DIAMOND RING a poem by YURI KAGEYAMA

DIAMOND RING
a poem by Yuri Kageyama

That ring
Solitaire
That glistening rock
Magical
Probably stolen from Africa
No matter
Broken promises
Please marry me
Sitting on a velvety
Cushion
Cartier Tiffany’s
Harry Winston
Van Cleef & Arpels

After the young woman my son just broke up with
That young woman who played the violin
Asked me to go with her
To the clinic to get an abortion
I give her my grandmother’s diamond ring
The only diamond ring I’d ever owned
You can do whatever you want with it
Throw it away, pawn it away,
No, no, no, I can’t take this, she says
No, no no, I want you to have it, I say

That ring
Solitaire
That glistening rock
Magical
Probably stolen from Africa
No matter
Broken promises
Please marry me
Sitting on a velvety
Cushion
Cartier Tiffany’s
Harry Winston
Van Cleef & Arpels

With the passing of years
We outgrow our fetishes
I wonder if she still plays the violin
I don’t wonder about the ring

That ring
Solitaire
That glistening rock
Magical
Probably stolen from Africa
No matter
Broken promises
Please marry me
Sitting on a velvety
Cushion
Cartier Tiffany’s
Harry Winston
Van Cleef & Arpels

Loving Younger Men _ a poem by Yuri Kageyama in collaboration with Yui Shikakura on shamisen and song

“Loving Younger Men,” a poem written by Yuri Kageyama, read by Yuri Kageyama with Yui Shikakura on shamisen and singing at Bar Gari Gari in Tokyo at a Drunk Poets See God gathering Dec. 22, 2017. Her song is traditional Japanese “kudoki,” in which a woman talks about being abandoned by her lover, a genre that is sad but also an erotic celebration.
“Loving Younger Men” was first published in BEYOND RICE, A BROADSIDE SERIES, Mango Publications and NOLO Press, 1979.
Loving Younger Men
a poem by Yuri Kageyama
Only the bodies of young men aroused her; the pure innocence in their wide dark eyes, the wild still animal strength in their muscles, the smoothness of their skin, so shiny, stretched out over their boy-like shoulders, flat stomachs, abdominals rippling gently, their thick thighs that could thrust forever into the night, their soft moist lips, where their tonges, so delicious, dwelt, which darted against, into her vagina, making her moan with joy, forgetting everything, which felt so strong against her own tongue at one moment, yet another, seemed to melt like caramel in the back of her throat, their dry fingers, that touched her in the most unexpected and expecting spots, their penises, half-covered by their black curls, seemed smaller, less developed, less threatening, yet as their shoulders strangely widened when they held her, their penises filled her, pointed against her deepest uterine insides, hurting her with a pleasurable pain, as though she could sense with her hand, their movements from outside her belly. Her father beat her as a girl. She ran from him, crying, please don’t hit me! please don’t hit me! No, rather she stood defiant, silent, silent tears drunk down her chest, till he, in anger or fear, slapped her again and again, once so hard she was swung across the room, once on her left ear so that she could not hear for three weeks. She frequented bars, searching for young men who desired her. She sat alone drinking. She preferred the pretty effeminate types _ perfectly featured, a Michelangelo creation, island faces with coral eyes, faces of unknown tribal child-princes. To escape her family, she eloped at sixteen, with an alchoholic. who tortured her every night, binding her with ropes, sticking his penis into her mouth until she choked, hitting her face into bruises, kicking her in the stomach, aborting her child, his child. The young boys’ heads, she would hold, after orgasm, rocking them in her arms. She would kiss the side of their tanned necks, breathe in the ocean scent of their hair, lick their ear lobes and inside their ears. When they fell asleep, sprawled like a puppy upon her sheets, their mouths open, she would lie awake watching, watching, watching, admiring their bodies, how so aesthetically formed, balanced, textured. What she enjoyed the most was their fondling her breasts, suckling, massaging the flesh, flicking the tongue against the nipple, biting, sucking till her nipples were red-hot for days. She could come just by this, without penetration. When she is alone, she cries. In the dark, she reaches upwards, into the air, grabbing nothing.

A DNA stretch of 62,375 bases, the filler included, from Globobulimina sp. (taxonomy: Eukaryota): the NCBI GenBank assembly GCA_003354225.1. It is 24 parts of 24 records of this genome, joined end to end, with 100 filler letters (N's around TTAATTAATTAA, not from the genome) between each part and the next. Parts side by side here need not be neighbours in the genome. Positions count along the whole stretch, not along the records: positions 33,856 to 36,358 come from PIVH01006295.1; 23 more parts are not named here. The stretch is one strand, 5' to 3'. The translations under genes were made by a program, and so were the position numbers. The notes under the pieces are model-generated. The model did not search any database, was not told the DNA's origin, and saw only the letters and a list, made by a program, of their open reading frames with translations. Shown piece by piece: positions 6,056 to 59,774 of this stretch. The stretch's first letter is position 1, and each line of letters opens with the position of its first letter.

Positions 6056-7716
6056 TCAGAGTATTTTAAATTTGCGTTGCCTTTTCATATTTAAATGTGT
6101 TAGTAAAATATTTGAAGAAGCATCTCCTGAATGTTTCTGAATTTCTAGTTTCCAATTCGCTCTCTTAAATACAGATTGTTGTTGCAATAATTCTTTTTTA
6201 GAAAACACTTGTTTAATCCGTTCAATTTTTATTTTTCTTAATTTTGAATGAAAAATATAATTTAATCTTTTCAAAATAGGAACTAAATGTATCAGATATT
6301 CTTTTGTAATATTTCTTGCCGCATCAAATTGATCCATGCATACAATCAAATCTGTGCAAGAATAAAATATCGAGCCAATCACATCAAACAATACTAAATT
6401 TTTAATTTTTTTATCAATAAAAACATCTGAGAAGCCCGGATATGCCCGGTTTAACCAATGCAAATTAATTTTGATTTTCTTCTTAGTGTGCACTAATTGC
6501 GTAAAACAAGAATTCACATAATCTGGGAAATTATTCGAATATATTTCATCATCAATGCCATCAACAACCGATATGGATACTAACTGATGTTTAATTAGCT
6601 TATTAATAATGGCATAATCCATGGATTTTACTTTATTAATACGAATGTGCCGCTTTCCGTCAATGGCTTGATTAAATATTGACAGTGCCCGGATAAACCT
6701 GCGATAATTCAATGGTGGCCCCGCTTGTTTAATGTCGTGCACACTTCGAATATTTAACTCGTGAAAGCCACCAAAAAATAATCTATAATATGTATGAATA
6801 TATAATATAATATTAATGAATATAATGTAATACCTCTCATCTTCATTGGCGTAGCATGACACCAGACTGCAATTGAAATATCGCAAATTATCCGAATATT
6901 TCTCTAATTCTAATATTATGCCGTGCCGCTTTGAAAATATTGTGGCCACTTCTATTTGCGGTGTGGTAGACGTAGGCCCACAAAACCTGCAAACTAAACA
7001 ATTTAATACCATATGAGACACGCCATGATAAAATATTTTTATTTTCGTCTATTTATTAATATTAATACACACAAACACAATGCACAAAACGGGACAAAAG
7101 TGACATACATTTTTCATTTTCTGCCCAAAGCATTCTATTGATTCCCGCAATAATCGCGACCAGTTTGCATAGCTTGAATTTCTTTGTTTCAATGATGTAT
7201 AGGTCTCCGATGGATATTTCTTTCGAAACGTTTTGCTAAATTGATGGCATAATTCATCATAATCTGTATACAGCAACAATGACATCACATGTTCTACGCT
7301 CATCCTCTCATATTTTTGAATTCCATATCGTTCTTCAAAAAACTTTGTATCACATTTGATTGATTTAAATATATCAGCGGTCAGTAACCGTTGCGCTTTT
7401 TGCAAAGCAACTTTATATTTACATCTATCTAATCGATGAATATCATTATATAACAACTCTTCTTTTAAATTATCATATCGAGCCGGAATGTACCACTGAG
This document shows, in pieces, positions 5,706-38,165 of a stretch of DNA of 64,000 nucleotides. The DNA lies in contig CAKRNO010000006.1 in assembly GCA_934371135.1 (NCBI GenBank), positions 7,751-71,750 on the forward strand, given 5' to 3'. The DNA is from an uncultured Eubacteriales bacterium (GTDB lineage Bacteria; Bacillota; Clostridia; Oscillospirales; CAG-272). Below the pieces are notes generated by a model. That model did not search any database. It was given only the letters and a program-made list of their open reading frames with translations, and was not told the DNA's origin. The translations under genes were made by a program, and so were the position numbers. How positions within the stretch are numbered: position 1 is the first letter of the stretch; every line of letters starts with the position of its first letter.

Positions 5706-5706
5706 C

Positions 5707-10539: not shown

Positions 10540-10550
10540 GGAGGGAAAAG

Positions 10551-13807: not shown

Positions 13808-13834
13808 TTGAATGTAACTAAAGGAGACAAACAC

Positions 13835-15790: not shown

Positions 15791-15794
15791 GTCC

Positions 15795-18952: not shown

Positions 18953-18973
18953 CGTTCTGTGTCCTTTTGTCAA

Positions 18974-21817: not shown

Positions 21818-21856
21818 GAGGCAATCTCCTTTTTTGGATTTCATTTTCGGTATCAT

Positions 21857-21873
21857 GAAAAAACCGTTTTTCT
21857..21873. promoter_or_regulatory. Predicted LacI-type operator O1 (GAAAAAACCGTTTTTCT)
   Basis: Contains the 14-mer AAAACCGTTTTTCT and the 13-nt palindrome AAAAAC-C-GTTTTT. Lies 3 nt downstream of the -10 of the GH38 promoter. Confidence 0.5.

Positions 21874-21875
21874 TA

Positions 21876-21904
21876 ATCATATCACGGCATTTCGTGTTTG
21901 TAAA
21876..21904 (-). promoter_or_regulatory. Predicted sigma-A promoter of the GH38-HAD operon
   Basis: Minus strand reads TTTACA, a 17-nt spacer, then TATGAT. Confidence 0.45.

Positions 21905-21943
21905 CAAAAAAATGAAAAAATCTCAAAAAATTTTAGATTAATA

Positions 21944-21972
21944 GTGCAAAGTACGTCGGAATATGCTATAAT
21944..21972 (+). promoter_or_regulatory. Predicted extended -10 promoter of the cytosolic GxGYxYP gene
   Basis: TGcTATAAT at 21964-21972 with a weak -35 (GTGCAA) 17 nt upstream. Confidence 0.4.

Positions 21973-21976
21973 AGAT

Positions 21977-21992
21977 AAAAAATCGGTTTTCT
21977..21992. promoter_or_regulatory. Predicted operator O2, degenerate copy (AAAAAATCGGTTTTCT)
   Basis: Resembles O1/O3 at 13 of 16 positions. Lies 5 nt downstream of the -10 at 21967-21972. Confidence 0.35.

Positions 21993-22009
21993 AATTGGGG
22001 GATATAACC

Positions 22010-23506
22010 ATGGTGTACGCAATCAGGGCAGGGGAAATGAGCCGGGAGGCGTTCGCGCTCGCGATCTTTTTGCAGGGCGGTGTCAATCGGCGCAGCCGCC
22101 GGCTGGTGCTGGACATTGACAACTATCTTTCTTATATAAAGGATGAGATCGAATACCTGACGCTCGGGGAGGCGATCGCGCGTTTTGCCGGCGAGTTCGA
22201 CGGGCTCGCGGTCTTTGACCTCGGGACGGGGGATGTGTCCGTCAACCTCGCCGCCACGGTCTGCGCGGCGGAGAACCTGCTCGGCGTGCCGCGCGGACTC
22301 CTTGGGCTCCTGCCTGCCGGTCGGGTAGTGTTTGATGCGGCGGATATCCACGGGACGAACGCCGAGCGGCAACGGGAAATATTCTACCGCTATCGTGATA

My songwriting _ “Oh My Buddha” and “I Will Bleed”

Two of my songs in this new album

my songwriting

“Oh My Buddha” and “I Will Bleed,” two songs I co-wrote with Hiroshi Tokieda and Tea, are part of this great album that just came out (October 2017).
“Oh My Buddha” (audio of an earlier reading in the link) is an Asian take on what we often say: “Oh My God,” something that Toshinori Kondo pointed out some time back as what we should be saying as Asians.
And so I imagined what it would have been like to have been married to a great man like Buddha.
It might have not been as wonderful as it might seem.
Tea and I were talking about how fun it would be to write a pop song that was inspired by an Indian theme.